How to Deal with an Alcoholic Daughter
Drug and alcohol prevention programs don’t help parents understand how to deal with an alcoholic daughter. They are primarily based on education and awareness, which, in theory, is supposed to achieve higher levels of abstinence. Nothing could be farther from the truth. Additionally, traditional, prevention thinking dictates that teenagers abuse alcohol because they are seeking pleasure. This is also categorically false. Lastly, conventional thinking espouses that teenagers use alcohol to fit in. To some extent, this is true. However, the bigger questions are; why do they feel the need to fit in, and what made them adopt that thinking in the first place?
The bottom line is this; alcoholism is generated in family, relationship dynamics. Various patterns such as control, verbal, physical and sexual abuse as well as part-time and substance abuse parenting reduce self-esteem, distort personal identity, diminish personal power, escalate, anxiety, stress and/or depression, and, ultimately, lead to alcohol abuse. Putting aside the more severe patterns of dysfunction such as physical and sexual abuse, most parents, inadvertently, control and verbally abuse their children, or they show up part-time for a full-time job. To make matters worse, many parents over the past several decades have shielded their children from adversity, instilled a sense of entitlement, and have painted a distorted view of a politically incorrect world. The fact is; there are all kinds of spiders in this world. If you fail to prepare your child to face and defeat them, alcohol or drug abuse is likely to follow.
If your daughter is abusing alcohol, do not pull the rug out from under her. There is absolutely zero love in tough love. Furthermore, do not force treatment. It is rarely successful, and the teenagers and young adults who participate resent their parents for it. In the end, these actions only magnify and intensify the problem. If you want to learn how to deal with an alcoholic daughter, you must understand the components of alcoholism. Think of alcoholism as a machine, which contains four gears that synchronize and mesh together. On the bottom, you will find the Generator gear, which is comprised of family, relationship dynamics. This gear feeds the second, or Catalyzer cog, which encompasses self-esteem, personal power, personal identity and meaning/purpose. These are negatively charged and mesh with the 3rd or Paralyzer gear. The Paralyzer gear contains emotional deterrents such as fear, anger, regret and shame as well as false narratives and personal agendas. These provide excuses and motives to continue abusing alcohol. On the fourth level, you will find the Driver gear, which houses anxiety, emotional distress and depression. The drivers prompt emotional escape or self-medication. If you want to learn how to deal with an alcoholic daughter, you must start at the bottom and address the underlying causes at each level.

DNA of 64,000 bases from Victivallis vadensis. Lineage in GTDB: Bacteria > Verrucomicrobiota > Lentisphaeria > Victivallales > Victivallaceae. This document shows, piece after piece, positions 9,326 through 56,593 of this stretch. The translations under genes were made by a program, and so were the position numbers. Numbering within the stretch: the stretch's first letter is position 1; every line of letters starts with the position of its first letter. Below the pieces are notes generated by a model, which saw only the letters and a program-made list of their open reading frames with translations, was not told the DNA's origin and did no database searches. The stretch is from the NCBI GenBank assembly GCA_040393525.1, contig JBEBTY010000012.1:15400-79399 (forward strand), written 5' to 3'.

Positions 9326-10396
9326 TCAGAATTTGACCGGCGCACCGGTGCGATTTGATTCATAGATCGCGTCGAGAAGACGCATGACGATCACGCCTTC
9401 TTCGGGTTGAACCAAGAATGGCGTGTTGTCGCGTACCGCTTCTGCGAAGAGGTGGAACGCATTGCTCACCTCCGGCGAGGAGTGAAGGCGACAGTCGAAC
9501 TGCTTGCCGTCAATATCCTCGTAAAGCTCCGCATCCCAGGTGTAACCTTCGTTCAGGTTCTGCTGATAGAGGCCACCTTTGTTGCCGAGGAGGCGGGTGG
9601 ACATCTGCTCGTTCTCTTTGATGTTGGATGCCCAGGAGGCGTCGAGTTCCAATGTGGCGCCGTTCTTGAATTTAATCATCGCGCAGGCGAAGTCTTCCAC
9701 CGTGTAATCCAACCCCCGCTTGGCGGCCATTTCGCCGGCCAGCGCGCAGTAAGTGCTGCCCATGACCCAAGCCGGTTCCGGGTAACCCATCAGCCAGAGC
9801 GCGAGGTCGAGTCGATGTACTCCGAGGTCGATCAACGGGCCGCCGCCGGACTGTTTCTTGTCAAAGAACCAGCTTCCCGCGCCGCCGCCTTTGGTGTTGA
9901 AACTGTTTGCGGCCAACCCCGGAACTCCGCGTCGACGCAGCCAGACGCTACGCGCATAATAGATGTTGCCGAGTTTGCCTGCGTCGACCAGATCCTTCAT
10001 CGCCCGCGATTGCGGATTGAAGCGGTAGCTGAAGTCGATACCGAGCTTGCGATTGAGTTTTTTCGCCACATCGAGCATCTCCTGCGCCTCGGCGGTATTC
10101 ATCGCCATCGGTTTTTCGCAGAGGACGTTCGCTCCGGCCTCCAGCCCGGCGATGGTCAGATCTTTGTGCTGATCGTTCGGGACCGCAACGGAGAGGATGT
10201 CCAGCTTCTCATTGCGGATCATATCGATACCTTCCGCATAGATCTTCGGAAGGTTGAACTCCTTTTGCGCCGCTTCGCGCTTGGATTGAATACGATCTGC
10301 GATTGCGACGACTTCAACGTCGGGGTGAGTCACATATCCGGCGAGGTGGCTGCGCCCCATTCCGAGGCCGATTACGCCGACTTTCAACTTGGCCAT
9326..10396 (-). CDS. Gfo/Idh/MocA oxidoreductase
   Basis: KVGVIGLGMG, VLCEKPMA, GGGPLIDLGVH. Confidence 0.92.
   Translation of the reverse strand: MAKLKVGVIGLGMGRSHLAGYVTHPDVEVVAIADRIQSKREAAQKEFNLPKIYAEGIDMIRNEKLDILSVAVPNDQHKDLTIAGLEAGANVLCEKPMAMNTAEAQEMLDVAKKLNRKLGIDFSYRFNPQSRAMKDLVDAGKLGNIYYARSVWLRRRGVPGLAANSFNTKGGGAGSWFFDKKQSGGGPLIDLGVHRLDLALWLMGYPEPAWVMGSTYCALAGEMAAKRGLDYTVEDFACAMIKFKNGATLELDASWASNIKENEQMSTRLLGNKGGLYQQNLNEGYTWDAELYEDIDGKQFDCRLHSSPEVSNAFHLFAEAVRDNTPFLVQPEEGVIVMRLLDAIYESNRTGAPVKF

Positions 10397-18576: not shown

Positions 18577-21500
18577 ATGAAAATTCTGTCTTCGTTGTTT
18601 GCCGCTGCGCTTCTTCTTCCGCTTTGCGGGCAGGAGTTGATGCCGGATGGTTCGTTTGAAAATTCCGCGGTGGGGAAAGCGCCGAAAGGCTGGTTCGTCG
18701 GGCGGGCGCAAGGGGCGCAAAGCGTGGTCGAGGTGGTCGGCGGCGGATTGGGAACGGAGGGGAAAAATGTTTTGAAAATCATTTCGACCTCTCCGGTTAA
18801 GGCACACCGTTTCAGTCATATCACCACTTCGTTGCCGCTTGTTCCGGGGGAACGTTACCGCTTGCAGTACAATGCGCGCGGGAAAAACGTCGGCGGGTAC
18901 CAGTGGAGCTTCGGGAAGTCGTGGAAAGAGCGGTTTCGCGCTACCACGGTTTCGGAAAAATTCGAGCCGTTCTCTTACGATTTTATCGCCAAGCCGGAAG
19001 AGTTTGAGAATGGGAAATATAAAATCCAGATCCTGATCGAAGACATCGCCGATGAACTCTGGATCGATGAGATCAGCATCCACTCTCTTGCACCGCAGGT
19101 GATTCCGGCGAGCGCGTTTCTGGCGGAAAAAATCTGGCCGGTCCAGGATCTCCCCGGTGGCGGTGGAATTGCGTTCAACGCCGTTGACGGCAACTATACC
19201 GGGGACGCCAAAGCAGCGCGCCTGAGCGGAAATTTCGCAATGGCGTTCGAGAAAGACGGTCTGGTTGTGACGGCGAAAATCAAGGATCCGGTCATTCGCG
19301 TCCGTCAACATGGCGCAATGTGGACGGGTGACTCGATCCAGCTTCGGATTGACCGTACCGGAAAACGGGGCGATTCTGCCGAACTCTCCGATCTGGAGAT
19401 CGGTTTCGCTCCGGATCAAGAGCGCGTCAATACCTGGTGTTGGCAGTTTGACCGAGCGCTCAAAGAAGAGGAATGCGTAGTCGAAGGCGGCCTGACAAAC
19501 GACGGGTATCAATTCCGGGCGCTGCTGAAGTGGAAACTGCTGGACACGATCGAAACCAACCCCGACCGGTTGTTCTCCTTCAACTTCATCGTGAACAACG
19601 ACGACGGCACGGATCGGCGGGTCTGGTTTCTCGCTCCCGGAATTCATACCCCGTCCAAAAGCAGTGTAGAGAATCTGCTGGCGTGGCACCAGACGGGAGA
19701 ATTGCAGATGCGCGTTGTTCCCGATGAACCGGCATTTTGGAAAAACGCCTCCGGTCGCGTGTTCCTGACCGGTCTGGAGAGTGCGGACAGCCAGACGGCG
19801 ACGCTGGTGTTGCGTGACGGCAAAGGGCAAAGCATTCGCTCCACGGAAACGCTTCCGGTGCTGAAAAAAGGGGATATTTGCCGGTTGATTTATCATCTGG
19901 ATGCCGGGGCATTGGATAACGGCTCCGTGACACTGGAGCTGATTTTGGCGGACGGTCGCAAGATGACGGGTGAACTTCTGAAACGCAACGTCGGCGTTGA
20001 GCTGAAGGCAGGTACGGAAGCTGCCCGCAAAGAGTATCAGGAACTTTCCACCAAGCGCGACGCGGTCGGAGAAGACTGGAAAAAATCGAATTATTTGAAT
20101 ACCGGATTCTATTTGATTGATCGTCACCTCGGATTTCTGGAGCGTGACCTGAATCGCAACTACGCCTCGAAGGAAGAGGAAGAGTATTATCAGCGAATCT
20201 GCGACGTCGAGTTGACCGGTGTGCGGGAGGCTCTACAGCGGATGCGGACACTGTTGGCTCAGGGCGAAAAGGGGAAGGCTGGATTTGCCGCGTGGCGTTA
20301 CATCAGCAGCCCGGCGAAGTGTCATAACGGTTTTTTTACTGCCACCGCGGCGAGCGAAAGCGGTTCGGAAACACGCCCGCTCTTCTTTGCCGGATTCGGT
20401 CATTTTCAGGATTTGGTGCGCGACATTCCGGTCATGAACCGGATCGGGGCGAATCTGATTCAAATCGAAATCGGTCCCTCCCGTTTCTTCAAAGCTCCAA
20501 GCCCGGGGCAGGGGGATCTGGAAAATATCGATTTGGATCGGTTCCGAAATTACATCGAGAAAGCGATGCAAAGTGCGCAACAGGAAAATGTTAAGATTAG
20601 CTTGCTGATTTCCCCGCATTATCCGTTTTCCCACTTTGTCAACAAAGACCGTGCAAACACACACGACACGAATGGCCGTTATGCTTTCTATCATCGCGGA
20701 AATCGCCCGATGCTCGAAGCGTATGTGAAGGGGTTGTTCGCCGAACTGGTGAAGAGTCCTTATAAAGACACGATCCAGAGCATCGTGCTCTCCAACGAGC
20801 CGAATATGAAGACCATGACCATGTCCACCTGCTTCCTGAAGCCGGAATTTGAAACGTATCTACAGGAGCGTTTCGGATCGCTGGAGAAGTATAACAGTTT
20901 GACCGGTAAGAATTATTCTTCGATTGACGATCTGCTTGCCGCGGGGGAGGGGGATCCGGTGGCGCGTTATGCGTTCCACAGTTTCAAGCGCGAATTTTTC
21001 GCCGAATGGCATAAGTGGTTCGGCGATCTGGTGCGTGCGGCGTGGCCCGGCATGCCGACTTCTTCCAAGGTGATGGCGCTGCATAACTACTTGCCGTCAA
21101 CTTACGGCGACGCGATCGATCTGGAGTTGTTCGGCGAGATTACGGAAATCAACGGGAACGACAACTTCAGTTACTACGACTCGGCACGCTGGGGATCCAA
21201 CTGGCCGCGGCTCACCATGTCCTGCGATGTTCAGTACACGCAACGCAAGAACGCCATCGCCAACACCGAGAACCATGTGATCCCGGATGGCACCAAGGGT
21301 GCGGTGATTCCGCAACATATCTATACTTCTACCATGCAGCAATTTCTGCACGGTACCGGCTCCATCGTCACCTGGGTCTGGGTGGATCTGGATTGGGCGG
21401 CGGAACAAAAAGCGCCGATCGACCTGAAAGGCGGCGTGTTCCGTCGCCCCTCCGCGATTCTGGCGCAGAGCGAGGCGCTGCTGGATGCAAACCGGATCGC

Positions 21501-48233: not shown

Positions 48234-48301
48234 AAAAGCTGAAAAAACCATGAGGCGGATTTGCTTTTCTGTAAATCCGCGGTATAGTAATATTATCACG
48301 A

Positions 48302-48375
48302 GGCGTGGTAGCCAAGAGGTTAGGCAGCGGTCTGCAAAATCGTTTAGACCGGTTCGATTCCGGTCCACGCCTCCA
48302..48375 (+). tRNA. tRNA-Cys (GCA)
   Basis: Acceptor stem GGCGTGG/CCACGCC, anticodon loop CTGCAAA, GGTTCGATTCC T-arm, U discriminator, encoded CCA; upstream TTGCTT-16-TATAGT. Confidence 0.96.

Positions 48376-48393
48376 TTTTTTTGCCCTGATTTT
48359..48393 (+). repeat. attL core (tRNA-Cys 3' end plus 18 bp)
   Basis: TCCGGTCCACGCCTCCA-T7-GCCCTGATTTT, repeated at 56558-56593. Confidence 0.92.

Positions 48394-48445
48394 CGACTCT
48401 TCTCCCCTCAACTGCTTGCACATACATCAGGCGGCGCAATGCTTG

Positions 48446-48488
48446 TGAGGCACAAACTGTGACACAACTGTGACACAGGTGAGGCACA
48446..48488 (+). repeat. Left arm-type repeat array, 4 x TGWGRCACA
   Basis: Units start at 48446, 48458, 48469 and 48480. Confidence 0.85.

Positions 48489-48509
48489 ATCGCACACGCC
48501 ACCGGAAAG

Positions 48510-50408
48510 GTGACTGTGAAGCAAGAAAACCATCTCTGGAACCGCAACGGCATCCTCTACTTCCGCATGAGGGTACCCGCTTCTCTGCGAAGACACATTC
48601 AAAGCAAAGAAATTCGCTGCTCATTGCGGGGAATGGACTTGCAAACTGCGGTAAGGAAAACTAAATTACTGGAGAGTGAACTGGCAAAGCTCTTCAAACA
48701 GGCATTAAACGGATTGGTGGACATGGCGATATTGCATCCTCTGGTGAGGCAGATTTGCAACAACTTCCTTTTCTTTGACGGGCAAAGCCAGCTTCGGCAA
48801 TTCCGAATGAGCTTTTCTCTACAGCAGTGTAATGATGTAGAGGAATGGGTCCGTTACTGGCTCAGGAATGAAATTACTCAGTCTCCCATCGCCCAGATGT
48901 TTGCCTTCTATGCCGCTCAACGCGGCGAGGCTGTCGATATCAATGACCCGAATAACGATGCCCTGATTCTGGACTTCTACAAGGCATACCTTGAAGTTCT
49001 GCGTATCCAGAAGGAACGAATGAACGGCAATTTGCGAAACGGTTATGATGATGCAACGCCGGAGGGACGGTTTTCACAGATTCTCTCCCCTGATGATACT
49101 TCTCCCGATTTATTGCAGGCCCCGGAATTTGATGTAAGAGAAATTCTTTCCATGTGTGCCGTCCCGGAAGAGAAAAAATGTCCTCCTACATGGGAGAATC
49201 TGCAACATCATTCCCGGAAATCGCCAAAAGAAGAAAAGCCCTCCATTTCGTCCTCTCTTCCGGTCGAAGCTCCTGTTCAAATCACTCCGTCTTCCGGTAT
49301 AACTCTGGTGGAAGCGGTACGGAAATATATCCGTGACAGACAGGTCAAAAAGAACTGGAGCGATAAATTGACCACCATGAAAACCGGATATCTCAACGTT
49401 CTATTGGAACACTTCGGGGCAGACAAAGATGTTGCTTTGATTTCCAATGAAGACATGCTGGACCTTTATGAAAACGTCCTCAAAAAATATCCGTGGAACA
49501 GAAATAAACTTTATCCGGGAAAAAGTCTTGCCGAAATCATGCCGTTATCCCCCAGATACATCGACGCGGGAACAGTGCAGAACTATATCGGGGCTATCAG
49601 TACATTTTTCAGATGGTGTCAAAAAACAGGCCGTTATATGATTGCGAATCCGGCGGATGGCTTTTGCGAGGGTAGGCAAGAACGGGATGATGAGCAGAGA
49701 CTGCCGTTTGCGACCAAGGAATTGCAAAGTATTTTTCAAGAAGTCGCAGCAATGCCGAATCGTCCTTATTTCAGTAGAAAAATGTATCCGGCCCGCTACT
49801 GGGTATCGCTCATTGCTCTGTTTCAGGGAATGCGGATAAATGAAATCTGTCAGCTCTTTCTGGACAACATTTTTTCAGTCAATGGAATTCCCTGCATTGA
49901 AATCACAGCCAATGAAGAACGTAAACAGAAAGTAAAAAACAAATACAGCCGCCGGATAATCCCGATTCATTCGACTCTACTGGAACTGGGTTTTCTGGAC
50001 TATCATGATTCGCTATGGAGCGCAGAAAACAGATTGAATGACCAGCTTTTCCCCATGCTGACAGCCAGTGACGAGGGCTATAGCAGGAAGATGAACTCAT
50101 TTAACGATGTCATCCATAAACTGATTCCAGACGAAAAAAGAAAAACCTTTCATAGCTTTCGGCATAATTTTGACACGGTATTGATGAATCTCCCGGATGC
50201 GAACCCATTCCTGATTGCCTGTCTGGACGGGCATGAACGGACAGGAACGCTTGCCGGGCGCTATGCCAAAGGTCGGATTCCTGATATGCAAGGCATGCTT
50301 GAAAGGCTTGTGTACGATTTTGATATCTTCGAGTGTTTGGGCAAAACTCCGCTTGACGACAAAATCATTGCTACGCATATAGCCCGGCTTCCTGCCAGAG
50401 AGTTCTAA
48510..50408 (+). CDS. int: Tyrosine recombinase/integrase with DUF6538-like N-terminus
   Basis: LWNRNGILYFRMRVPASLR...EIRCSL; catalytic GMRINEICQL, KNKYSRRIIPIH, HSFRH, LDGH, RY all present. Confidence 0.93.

3 Steps for Dealing with an Alcoholic Daughter
To learn how to deal with an alcohol daughter, follow each of the steps below. For a more detailed plan, download my free e-book on the home page.
Step 1 – Taking Responsibility
Do your part as a parent. Be willing to make some positive changes. Unearth and eliminate the pattern of family, relationship dynamics, which caused your daughters alcohol addiction. Help her dissolve the anxiety, emotional distress or depression it has caused.
Step 2 – Setting Boundaries
Refrain from using negative boundaries or issuing ultimatums. Instead, set positive, growth-oriented boundaries, which will lead to positive changes – ones that don’t include alcohol abuse.
Step 3 – Coaching Your Child
Seize every opportunity to coach and mentor your child. Help her boost self-esteem and establish a personal brand. Become the influencer-in-chief in your daughter’s life.
For additional reading, check out my other posts below:
For the complete three-step plan, which will show you, exactly, how to deal with an alcoholic daughter, download my free e-guide “The Addiction-Free Kid Blueprint, Revealed” on the content side bar far right.